Home Economics & PolicyFood security A declaration of interdependence

A declaration of interdependence

For a real transformation of the agro-food sector and food sovereignty

by Thomas Schellen

Language becomes a tool of fools when it simplifies complex systems and developments into slogans such as democracy and revolution. One blatant case of language confusion that today dogs many discussions of food security in a worldwide context, is the depiction of hunger as a sudden global crisis that needs to be tackled with grand politics and tools of international diplomacy.

The alarmist use of terms like the “global wheat crisis” and “international food crisis” runs afoul of the contradictory evidence of previous complacency over food wastage, and threats of food insecurity around the world. Moreover, the sensationalist and political grandstanding seen in the past few months contains the danger of chasing quick fixes for politically useful food insecurity.

Fixes that remove artificial barriers to exports by warring parties and throw money at balance of trade disruptions can address the moment, but will in all likelihood fade in the next year. The politically and economically hyped wheat crisis of 2022, having turned into yesteryear’s narrative and exhausted national attention spans, will then distract from the need to tackle the deep-running climate, conflict, food distribution and utilization challenges which are entwined with the coming winter’s predicted famine in parts of Somalia. And that is without considering the persistent problems in equitable production of food in a world that is, according to United Nations’ (UN) projections, heading from being 8 billion strong at the end of this year towards a global population of 9 billion around 2037.

On a smaller scale, this dilemma of juxtaposed, unresolved, systemic problems and overemphasized temporary factors plays out as its own drama in Lebanon. When compared to fears over the availability of food, which appeared to have been aggravated by sudden new barriers to the importing of Ukrainian and Russian wheat (including speculative price peaks that railed global commodity food markets during this summer) and by the loss of the silos at Beirut port, the politics behind the domestic social safety net design, and the depreciation of the Lebanese pound, continue to be the major driver of food insecurity in Lebanon. These problems have been ignored either deliberately or incompetently but, in any case, recklessly.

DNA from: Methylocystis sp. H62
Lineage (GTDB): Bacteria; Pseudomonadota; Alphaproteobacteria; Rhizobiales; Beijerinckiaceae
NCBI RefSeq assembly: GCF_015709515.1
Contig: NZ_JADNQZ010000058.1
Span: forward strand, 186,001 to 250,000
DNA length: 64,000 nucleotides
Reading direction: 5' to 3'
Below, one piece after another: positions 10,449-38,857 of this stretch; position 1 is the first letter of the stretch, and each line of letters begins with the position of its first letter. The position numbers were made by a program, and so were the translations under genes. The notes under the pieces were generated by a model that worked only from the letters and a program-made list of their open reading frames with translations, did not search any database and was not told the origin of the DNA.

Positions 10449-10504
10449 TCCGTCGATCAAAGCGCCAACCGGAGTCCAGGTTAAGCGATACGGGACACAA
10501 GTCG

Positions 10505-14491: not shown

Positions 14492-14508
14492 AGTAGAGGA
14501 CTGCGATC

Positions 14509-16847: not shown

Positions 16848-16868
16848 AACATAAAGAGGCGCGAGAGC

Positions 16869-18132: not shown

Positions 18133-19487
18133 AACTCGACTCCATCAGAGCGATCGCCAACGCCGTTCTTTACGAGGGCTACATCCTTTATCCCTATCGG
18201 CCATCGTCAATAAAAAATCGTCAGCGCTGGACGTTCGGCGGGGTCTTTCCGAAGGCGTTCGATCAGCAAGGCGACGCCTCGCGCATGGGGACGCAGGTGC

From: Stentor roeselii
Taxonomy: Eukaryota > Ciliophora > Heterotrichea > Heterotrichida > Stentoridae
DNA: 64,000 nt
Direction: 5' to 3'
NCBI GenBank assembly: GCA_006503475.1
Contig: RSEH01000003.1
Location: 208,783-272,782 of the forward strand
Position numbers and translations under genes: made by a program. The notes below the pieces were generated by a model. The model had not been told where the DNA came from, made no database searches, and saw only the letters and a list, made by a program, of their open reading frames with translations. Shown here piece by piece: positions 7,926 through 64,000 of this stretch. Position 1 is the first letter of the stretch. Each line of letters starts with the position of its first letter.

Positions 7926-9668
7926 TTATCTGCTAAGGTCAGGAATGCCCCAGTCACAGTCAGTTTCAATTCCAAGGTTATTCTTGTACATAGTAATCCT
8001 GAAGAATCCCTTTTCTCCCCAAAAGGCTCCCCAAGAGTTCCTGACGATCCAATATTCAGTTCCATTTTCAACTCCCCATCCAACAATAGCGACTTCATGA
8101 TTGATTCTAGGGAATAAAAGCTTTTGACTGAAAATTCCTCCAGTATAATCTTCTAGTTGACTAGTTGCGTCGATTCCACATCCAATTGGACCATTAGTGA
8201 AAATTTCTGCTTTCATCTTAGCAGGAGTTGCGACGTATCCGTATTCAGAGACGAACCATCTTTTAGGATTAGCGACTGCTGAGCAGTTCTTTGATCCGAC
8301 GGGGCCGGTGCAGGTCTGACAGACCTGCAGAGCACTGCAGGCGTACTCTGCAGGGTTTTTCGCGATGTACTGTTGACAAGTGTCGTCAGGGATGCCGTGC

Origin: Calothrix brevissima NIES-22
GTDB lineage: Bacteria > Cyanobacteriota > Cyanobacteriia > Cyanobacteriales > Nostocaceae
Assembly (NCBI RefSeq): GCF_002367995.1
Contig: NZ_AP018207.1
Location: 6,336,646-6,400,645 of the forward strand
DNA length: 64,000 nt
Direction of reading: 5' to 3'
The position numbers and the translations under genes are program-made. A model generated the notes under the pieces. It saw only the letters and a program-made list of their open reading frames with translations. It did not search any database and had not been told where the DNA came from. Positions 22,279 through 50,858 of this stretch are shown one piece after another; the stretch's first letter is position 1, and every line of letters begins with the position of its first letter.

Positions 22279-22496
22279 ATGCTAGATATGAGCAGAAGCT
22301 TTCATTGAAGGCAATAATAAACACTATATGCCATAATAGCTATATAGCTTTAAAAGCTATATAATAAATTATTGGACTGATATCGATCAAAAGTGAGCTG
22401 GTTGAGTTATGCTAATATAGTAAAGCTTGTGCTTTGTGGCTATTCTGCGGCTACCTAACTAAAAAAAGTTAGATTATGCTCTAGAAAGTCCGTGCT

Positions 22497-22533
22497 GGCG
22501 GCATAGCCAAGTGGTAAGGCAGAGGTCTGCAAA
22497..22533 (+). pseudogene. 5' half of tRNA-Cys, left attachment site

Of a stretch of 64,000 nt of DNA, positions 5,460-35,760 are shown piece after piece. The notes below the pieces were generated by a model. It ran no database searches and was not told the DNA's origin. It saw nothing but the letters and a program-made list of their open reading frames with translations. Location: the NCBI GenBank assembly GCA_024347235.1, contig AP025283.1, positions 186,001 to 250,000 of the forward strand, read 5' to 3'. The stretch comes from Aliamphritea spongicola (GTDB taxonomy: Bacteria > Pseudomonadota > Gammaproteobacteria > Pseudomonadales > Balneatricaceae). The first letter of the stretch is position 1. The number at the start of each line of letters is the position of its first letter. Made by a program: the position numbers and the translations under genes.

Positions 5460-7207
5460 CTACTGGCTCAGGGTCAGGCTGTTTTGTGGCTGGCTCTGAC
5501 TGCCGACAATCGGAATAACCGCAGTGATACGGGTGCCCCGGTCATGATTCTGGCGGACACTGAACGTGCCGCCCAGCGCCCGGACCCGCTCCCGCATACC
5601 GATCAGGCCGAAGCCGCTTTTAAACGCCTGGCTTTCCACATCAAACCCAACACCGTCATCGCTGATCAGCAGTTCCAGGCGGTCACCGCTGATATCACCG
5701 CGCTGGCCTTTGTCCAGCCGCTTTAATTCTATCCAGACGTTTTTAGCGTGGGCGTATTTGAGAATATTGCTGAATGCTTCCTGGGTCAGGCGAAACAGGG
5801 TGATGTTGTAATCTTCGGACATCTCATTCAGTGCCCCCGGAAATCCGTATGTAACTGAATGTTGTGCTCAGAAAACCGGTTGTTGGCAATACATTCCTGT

Lebanon is a tiny but fertile country. The incongruence between historic reality and inflated problems of food insecurity today is another, more serious contradiction of note. Tiny countries can have huge problems in comparison to their demographic or geographic scale. But as long as they are properly run, tiny countries are good at developing solutions for their own problems.

Taking Lebanon as a system and man-made paradigm rather than a territory, this polity is equipped, or one can say cursed, with a governance system of questionable provenance. Today, the Lebanese governance system is rooted in an imperially and colonially malformed past, and in recent decades has deteriorated into a discordant anti-system of state organization.

Territorial reach is an important component to land and sea-based food production, however. Lebanon is an intriguing case of systemic behavior, but still a very small country. It is the 37th smallest among almost 200 countries, not counting unresolved or partly autonomous territories. Both aspects, the systemic and territorial one, have consequences for national food security.

When engaging in as much international discourse about food security as affected stakeholders, like how the public in Lebanon and Executive are doing this year, profound changes of food systems in national economies and a targeting of global food sovereignty have to be put on an emergency action agenda which also includes the management of increasing intra-national and international conflicts, as well as inequality and mitigation of climate risks.

Food, in this context, is both a crucial base for human sustenance and perhaps the most powerful agent of constructive transition available to mankind. But this transformational power has to be understood and used without ideological partisanship, beginning from the terminology attached to food and agriculture.

On a conceptual level, it defies conventional wisdom to speak of the revolution of anything in an agricultural context. It is a misnomer, but also seems unhelpful for thinking about the path of future agricultural transitions when past centuries’ ideological framing of scientific research have labeled long periods of gradual innovation and transitional development in the system of agriculture as “revolutions”, even though they are changes that are organic in every sense of the word. Consider the “first agricultural revolution” with its 20th century host of associated theories, the so-called Arab and British agricultural revolutions, or the last century’s “green revolution” that occurred under the increasing grip of corporatized cultivation of soil, and the degradation of diverse rural cultures of soil-based tribes and families.

Interacting with the seasons, the land, and nature’s inputs, plus investing the human labor needed for agricultural productiveness, is a fundamentally conservative act – in the sense of ‘conservare’, the Latin verb meaning “to keep safe” or “to preserve”. Revolution expresses the very different intention of rolling back a status quo perceived as failed; it is the act of turning everything and nothing around, whatever the cost and violence that comes with it.